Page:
Time: 120 Minutes
Age Rating: Sex scenes
Penélope Cruz as Janis Martínez Moreno
Milena Smit as Ana Manso Ferreras
Israel Elejalde as Arturo
Aitana Sánchez-Gijón as Teresa Ferreras
Julieta Serrano as Brígida
Rossy de Palma as Elena
Director: Pedro Almodóvar
Two single women meet in a hospital room where they are both going to give birth. One is middle aged and doesn’t regret it, while the other is adolescent and scared. The two women form a strong bond with one another as they both confront motherhood.
There were a couple things about Parallel Mothers that I heard about which made me want to watch it. First of all, it was getting some awards attention, especially towards Penelope Cruz in the lead role. Second of all, it was the new movie from Pedro Almodóvar. I admit I haven’t seen many of his movies, but I did watch Pain and Glory which was great and so I was interested to see more from him. Parallel Mothers did not disappoint.
The screenplay is brilliant and smartly handled. Looking at the plot, I think Parallel Mothers is worth going into blind and not knowing much about beyond the premise. It is a real treat of a drama, it is engaging and keeps you intrigued for the entire runtime. It does have its twists, and turns and with the shocking revelations it easily could’ve been a very contrived soap opera. However, it actually felt authentic and genuine, the characters feel real and relatable and are exposed to complicated life issues. The premise of single mothers giving birth at the same time is intriguing, and I was invested for that plotline following the two mothers as played by Penelope Cruz and Milena Smit. It is a look into motherhood, relationships, family and grief, and approaches the subject matters with great honesty and empathy. There is one aspect that might take some people out of the viewing experience and that’s a notable subplot involving family history with the Spanish Civil War. Without going into too much depth with the specific plotline, I will say that it is to do with Penelope Cruz’s character and plays a notable part of the movie, while not being the main focus. Initially it seemed to distract from the main storyline of the parallel mothers, but by the end I thought it worked. I do like that these storylines played alongside each other, they’re very different but I liked the way they were brought together in the end.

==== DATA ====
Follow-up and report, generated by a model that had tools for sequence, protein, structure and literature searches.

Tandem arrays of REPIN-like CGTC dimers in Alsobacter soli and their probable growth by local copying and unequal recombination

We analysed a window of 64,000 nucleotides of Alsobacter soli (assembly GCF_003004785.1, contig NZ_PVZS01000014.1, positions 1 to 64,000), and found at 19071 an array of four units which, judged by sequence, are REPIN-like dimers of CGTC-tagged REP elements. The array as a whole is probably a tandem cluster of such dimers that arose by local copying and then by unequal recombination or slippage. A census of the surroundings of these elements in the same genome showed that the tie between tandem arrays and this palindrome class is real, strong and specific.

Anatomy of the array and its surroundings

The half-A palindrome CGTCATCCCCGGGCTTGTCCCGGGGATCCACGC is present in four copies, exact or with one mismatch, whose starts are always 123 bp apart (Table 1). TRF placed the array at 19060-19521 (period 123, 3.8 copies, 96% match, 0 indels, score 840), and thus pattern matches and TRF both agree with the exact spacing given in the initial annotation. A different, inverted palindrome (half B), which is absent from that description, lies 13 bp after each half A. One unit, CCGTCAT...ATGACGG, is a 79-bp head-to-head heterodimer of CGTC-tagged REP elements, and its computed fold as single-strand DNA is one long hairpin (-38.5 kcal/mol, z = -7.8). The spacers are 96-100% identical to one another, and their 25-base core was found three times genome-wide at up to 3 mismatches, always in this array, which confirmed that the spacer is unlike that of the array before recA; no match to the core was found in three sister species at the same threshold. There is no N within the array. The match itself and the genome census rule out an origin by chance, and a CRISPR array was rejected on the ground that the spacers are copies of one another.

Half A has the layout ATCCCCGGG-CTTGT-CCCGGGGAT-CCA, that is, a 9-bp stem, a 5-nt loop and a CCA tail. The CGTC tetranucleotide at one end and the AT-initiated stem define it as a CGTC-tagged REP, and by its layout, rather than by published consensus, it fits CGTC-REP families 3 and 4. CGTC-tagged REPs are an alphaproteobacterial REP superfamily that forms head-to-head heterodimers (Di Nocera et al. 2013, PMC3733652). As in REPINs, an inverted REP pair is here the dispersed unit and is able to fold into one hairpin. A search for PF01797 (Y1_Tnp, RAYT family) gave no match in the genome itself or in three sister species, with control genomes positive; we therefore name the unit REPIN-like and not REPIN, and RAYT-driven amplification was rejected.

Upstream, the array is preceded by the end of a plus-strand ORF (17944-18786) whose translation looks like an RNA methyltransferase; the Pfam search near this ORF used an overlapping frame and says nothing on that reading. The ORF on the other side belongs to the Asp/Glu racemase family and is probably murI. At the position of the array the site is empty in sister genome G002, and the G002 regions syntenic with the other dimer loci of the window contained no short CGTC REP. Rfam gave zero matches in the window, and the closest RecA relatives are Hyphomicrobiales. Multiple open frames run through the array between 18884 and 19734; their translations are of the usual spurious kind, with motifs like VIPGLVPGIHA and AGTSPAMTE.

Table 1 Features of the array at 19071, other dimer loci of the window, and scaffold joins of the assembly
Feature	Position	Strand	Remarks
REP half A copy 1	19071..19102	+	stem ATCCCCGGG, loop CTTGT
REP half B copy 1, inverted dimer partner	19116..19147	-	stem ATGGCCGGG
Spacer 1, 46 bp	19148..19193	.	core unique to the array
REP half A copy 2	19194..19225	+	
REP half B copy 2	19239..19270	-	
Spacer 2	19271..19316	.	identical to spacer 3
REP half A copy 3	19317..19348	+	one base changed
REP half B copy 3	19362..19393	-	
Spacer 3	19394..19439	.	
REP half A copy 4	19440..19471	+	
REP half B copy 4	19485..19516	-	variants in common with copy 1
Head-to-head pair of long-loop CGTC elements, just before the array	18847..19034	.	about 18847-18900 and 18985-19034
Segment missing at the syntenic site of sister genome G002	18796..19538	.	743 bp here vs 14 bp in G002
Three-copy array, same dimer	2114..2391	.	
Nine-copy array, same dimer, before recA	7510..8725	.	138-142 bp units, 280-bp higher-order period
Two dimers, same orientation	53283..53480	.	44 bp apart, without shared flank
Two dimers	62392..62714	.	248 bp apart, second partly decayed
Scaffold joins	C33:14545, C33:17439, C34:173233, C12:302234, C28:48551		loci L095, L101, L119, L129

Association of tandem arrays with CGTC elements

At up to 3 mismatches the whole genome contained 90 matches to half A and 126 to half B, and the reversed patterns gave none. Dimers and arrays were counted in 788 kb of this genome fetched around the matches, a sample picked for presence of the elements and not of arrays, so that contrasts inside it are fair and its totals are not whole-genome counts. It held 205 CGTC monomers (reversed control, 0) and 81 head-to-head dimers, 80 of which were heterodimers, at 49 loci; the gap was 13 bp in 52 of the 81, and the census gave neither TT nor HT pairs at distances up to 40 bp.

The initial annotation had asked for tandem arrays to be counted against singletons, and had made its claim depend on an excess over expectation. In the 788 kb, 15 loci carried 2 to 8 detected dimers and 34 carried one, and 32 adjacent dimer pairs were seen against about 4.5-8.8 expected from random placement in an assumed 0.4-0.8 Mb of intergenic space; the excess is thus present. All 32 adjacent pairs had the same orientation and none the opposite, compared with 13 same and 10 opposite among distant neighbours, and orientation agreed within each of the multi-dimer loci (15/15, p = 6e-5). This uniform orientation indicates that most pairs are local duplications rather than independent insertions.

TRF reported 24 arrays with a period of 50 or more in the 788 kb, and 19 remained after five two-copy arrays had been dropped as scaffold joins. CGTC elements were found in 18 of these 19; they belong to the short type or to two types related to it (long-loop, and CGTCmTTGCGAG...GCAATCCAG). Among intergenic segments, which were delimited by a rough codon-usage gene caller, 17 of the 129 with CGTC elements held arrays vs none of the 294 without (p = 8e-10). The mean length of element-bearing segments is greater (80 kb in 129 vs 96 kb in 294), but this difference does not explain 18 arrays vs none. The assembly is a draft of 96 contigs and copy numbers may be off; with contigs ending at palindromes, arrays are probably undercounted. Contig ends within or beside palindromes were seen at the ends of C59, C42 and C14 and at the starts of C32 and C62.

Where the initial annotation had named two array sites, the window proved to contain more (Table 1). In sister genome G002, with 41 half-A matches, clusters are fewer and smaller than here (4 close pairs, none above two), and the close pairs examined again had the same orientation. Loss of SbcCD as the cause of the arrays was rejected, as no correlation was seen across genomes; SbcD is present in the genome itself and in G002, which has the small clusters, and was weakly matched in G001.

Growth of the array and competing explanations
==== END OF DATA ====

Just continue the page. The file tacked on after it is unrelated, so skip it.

The acting is another strong aspect of the movie. Penelope Cruz is tremendous as the lead character, giving such a layered performance, displaying and jumping between a wide range of emotions. She conveys her love, joy, frustrations and feelings of devastation incredibly well, and is very believable in her part. It’s at the very least one of her all-time best performances. Equally great is the other main character as played by newcomer Milena Smit, who impresses alongside Cruz. She portrays the comparatively more reserved and insecure parallel mother in a terrific way. It’s a great and mature performance which also deserves a lot of praise. The dynamic between Cruz and Smith is great, the two characters are polar opposites to each other, but the bond shared between the two is heartfelt and we really feel the connection. It’s helped by the realistic chemistry between the two actresses, every moment of them on screen felt believable. The other actors of the cast like Israel Elajalde and Aitana Sánchez-Gijón also play their parts well.
Pedro Almodóvar directs this movie exceptionally, with this and Pain and Glory, I really want to watch through his filmography. Visually, the film is very well captured, framed and filmed, with a great use of colour, particularly with the set design and costumes. Alberto Iglesias’s score is also great, setting the right tones and moods, and is a constant presence throughout the film.
Parallel Mothers is an engaging, emotionally charged and layered drama that’s excellently written and directed, and has some fantastic performances, especially from Penelope Cruz and Milena Smit. It is one of my favourite movies of 2021, and it is well worth checking out.